Australia’s international partnerships in time of uncertainty

Australia’s international partnerships in time of uncertainty

With the focus on economic recovery, Trump, Brexit and Australia’s trade negotiations with Europe and the United Kingdom are all reshaping our future.


With claims of a question mark hanging over US alliances with ‘far away’ countries such as Australia, is it time to reconsider our priorities asks Research Officer at the EU Centre in the School of Global, Urban and Social Studies (GUSS), Dr Emma Shortis?

More than three-quarters of Australians polled considered our alliance with the United States to be very, or at least fairly, important to Australia’s security.

This was despite our high levels of disapproval of the current President, Shortis said.

“Our own Prime Minister, Scott Morrison, doesn't seem to share those concerns,” with Australia to attend an expanded G7 meeting later this year, she said.

“Unlike Canada and the United Kingdom, the possible inclusion of Russia in the group was no deterrence for us. 

The whitehouse

“The Australian government has made it abundantly clear that our priorities lie with the US: those feelings, however, may not be reciprocated.

“Trump's former National Security Advisor John Bolton recently claimed that the current President isn't focused on us much at all: "I think the alliances with Japan, South Korea, Australia are question marks at this point...If you believe the world's far away, then why have these alliances at all?"

Shortis said if true that we were a mere 'question mark' to the current President, we must question why the Australian Government continued to support his administration so wholeheartedly.

“In the face of the administration's incompetent response to the worst global pandemic in a century, its gross human rights abuses at home and support for them abroad, questions about the strength of the democratic process in the lead up to the November elections, as well as Trump's complete disregard for the stability of the global economy, Australians would do well to stay--in the words of John Bolton--very far away indeed,” she said.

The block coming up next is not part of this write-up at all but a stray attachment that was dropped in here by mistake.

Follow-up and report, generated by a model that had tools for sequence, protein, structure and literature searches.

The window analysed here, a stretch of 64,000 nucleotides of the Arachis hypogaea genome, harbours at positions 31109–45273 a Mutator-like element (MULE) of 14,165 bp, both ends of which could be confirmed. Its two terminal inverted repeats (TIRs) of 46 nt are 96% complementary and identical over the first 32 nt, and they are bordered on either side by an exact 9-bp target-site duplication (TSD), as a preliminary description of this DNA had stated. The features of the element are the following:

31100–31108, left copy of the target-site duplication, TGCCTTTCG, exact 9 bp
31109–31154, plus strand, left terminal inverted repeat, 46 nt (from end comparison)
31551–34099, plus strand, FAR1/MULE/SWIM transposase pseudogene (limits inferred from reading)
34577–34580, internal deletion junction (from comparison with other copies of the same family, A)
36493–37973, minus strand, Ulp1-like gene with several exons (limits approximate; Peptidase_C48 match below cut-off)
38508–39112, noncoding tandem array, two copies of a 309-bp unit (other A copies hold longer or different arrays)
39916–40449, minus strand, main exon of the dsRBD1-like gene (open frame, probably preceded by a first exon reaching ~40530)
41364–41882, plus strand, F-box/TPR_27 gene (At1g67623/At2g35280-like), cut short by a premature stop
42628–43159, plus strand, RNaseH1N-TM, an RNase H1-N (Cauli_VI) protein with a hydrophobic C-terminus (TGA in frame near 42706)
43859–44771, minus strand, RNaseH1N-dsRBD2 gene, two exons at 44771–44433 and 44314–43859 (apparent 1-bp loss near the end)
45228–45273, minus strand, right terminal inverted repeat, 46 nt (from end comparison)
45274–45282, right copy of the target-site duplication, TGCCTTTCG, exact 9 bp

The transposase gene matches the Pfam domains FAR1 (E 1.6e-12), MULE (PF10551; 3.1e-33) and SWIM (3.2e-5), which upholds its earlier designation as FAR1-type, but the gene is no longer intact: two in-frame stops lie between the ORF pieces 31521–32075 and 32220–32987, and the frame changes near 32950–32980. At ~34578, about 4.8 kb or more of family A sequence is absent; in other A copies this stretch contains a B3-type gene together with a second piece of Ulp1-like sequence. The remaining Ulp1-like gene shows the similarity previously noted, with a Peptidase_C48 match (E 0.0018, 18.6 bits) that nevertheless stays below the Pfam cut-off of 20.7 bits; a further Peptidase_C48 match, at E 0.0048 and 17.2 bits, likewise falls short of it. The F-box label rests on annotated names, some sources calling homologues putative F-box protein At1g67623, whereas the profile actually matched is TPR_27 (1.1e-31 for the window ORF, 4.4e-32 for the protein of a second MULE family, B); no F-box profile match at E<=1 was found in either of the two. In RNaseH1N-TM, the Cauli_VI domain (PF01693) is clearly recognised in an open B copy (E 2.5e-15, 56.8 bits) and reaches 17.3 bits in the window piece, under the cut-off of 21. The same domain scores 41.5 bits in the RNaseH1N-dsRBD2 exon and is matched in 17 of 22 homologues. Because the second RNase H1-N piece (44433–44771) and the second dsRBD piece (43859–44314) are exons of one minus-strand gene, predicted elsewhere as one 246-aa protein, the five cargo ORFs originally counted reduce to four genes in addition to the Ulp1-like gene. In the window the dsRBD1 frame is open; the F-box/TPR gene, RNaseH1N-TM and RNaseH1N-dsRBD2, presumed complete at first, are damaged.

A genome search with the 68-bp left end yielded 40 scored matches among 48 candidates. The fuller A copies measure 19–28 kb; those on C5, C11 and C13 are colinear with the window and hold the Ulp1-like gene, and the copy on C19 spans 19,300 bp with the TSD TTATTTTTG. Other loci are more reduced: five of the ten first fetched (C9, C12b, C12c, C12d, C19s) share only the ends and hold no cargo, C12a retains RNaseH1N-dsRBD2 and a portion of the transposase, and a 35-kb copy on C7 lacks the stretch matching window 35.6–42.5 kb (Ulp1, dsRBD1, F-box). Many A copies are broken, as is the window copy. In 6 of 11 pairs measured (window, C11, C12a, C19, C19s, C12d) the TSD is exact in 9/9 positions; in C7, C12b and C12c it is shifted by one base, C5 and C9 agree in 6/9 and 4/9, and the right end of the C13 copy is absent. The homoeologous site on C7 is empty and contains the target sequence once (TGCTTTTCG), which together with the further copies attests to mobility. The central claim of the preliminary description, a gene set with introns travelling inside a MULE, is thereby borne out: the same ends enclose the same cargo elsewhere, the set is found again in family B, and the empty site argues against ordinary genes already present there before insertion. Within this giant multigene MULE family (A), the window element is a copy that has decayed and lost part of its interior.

Scientist in lab

Australia, the EU and UK

Europe was Australia's third largest market for goods and its return to work was very important for Australians now looking to see the economy moving again, Director of the EU Centre in the School of Global, Urban and Social Studies Professor Bruce Wilson said.

Research scientists in both parts of the world were also collaborating in the challenge of understanding the virus and developing a vaccine – demonstrating a growing connectedness, enhanced by a treaty-level agreement signed in 2017.

“Security, crisis response, education and research and of course, trade, are all areas where the EU and Australia have a lot in common," he said.

At the relationship’s heart was a very strong commitment to seeing global affairs managed according to a rules-based order.

“The EU’s single market could become even more important for Australia, with a trade agreement currently being negotiated potentially seeing final agreement in place by 2021, if not even by Christmas,” he noted. 

Prior to joining the EU, the UK was Australia’s most important trading partner by far according to Wilson.

Post-Brexit, the UK and Australia announced in June 2020 they would commence negotiations for a new trade partnership.

”This will look dramatically different from the past relationship, but will still be very important for both sides,” he said.

There was unlikely to be much interference between the two agreements, as the EU-Australia process was well advanced, while Wilson expected the UK-Australian negotiations to proceed quite quickly.

“Either way, both agreements will send clear messages about the commitment of both Australia and the EU to safe and rules-based trade.”


After lengthy delays, the UK and EU Brexit negotiators had restarted intense face-to-face negotiations, which would rotate between Brussels and London over the next five weeks.

“This is widely regarded as the last chance for the UK to secure a deal that will permit an orderly exit from the EU Single Market at the end of December 2020,” Wilson said.

“If no deal is achieved, the UK and EU will trade under WTO rules, which will have significant implications for the trade agreements that Australia might reach with both the EU and the UK.”


Story: Diana Robertson



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RMIT University acknowledges the people of the Woi wurrung and Boon wurrung language groups of the eastern Kulin Nation on whose unceded lands we conduct the business of the University. RMIT University respectfully acknowledges their Ancestors and Elders, past and present. RMIT also acknowledges the Traditional Custodians and their Ancestors of the lands and waters across Australia where we conduct our business - Artwork 'Luwaytini' by Mark Cleaver, Palawa.